“Colleges and universities are arguably the most important institutions in which to work toward full inclusion,” according to Kumea Shorter‐Gooden, co-author of Diversity at Work: The Practice of Inclusion. “If we can transform higher
education such that it is fully inclusive of people of diverse cultures, value systems, and identities, and if we can successfully influence the cultural competence of college graduates, we will have workforce leaders who have at least the rudimentary
disposition, knowledge, and skills to lead in the transformation of other societal institutions.”
Imparting these values to students starts with higher education professionals——including faculty, staff, and administrators—developing competency in diversity and inclusivity (D&I), and with the institution systematizing policies
that support D&I.
Diversity and inclusion is not a one-office job. It’s not the exclusive purview of a particular person, program, or department. It’s a leadership priority,
which should be embraced across campus, and embedded into systems.
So, what’s the role of the Registrar in diversity and inclusion?
“Equity in education requires putting systems in place—and the Registrar understands systems—to ensure that every student has an opportunity for success,” said AACRAO Board member Cassandra Moore, Director of Enrollment Development
and Admissions, Anne Arundel Community College.
“Equity is the process and equality is the outcome,” added Soraira Urquiza, Registrar, The American Film Institute, and chair of the Latinx Caucus. Because the registrar is involved in creating, adhering to, and enforcing campus policies,
she said, “we need to be that change.”
(Urquiza and Moore dove deeply into this topic in the “Access, Equity, and Inclusion” episode of AACRAO’s recent For the Record podcast. Stream it here.)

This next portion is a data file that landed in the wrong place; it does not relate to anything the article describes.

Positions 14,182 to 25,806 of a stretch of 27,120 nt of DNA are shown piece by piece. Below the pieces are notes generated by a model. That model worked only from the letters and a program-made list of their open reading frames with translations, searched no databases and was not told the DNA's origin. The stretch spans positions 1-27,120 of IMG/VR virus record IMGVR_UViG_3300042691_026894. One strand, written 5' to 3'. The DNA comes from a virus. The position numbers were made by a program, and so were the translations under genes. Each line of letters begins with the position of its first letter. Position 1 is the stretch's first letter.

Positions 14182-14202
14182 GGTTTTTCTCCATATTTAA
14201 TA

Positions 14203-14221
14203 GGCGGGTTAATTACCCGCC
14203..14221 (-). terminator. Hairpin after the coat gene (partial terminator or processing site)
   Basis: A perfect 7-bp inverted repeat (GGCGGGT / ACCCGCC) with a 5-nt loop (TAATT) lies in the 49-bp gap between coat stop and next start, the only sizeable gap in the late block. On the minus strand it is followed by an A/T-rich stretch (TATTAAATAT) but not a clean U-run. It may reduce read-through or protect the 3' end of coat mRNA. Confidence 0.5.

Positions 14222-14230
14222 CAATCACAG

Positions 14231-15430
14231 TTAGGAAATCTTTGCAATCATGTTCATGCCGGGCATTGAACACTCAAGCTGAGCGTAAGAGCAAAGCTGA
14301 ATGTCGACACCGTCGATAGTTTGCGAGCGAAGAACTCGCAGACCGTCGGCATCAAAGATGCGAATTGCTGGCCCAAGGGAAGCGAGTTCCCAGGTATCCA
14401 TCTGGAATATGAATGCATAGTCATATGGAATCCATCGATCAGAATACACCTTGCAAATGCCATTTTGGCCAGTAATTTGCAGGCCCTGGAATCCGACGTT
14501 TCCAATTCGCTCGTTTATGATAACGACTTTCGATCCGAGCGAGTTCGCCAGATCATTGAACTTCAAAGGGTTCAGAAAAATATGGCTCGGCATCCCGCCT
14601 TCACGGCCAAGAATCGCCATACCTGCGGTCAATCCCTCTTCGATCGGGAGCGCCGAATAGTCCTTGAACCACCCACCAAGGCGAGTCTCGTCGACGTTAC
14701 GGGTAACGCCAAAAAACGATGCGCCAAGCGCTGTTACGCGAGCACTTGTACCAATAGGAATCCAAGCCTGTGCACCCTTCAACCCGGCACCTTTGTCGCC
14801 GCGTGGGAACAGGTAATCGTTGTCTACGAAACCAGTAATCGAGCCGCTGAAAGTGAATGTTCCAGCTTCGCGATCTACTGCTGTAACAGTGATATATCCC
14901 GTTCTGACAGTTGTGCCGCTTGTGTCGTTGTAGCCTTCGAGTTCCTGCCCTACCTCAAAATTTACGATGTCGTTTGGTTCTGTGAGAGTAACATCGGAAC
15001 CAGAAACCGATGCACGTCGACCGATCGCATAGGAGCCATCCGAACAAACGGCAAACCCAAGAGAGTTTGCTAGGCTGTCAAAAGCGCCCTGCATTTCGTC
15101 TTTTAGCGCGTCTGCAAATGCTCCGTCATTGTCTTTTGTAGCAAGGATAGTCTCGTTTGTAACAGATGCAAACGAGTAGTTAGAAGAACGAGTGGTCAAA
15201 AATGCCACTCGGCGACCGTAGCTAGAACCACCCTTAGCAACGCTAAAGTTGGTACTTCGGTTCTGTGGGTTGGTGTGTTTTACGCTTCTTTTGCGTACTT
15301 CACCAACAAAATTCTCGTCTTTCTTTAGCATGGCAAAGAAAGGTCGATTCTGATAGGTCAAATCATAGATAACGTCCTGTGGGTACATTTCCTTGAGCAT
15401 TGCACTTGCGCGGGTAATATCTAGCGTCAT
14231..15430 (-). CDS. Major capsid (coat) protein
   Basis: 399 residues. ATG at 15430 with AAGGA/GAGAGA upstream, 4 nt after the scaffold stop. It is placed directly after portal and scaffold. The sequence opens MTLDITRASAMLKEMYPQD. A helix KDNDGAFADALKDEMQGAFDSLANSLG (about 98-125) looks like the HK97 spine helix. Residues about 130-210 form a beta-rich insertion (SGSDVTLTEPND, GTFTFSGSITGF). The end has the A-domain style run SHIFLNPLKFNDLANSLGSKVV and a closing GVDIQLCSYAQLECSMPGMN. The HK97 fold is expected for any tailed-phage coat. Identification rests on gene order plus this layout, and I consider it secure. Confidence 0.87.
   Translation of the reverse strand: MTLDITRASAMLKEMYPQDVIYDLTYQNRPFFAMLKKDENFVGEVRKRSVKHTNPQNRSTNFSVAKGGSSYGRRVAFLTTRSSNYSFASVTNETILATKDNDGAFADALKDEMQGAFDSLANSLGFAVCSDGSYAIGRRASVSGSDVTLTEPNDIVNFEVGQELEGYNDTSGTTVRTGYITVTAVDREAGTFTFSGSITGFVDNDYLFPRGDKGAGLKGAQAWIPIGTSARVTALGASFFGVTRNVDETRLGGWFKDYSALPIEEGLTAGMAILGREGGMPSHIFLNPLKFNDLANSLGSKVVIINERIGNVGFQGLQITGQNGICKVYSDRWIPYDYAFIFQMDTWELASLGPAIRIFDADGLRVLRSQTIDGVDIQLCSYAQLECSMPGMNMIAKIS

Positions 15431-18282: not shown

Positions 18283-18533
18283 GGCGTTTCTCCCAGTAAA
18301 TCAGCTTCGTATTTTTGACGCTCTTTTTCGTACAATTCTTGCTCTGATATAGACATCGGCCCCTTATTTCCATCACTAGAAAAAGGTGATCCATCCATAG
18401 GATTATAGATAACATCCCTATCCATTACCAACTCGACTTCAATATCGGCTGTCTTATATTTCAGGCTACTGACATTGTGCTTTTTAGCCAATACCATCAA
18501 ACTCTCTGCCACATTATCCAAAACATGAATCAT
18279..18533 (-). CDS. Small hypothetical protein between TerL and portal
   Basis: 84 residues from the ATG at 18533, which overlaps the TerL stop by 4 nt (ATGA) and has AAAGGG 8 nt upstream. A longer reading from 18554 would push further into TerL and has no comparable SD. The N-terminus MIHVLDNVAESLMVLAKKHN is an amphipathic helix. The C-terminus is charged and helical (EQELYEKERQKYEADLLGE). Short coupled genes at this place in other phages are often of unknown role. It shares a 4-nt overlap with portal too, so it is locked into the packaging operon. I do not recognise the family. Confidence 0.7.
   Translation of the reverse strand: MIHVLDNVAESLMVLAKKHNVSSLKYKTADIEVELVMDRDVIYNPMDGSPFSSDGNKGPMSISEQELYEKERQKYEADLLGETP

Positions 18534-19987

“This is work that everyone in higher education needs to do,” said podcast host Doug McKenna.
Ways to make a difference
“The registrar must be included in these conversations, as the ‘hub’ of the institution,” said Valerie Harper, Registrar, Duquesne University Law School. “We see the students from matriculation to graduation; they are always in contact
with our office.”
“As the hub,” added Roslyn Perry, Associate Registrar, The Ohio State University (OSU), “we see and hear things other offices don’t, and we typically have a lot of respect [from other offices] on campus. If we see implicit
bias, issues with syllabi, barriers in registration, and so on, we can go out and be the voice for change.”
1. Advocate. Both within campus and at the state/legislative level, Registrars can be the voice for removing barriers to student success, Urquiza and Moore said.
2. Discover and acknowledge unconscious bias. These biases for or against particular groups are based on social stereotypes around race, gender, sexuality, disability, religion, weight, and more, and often go against our conscious values.
According to Harper, a committee has been established at her institution to look into issues of implicit bias; something similar could be done at more institutions.
This Implicit Bias test can help uncover attitudes or beliefs that you may be unable or unwilling to acknowledge. Find strategies for addressing unconscious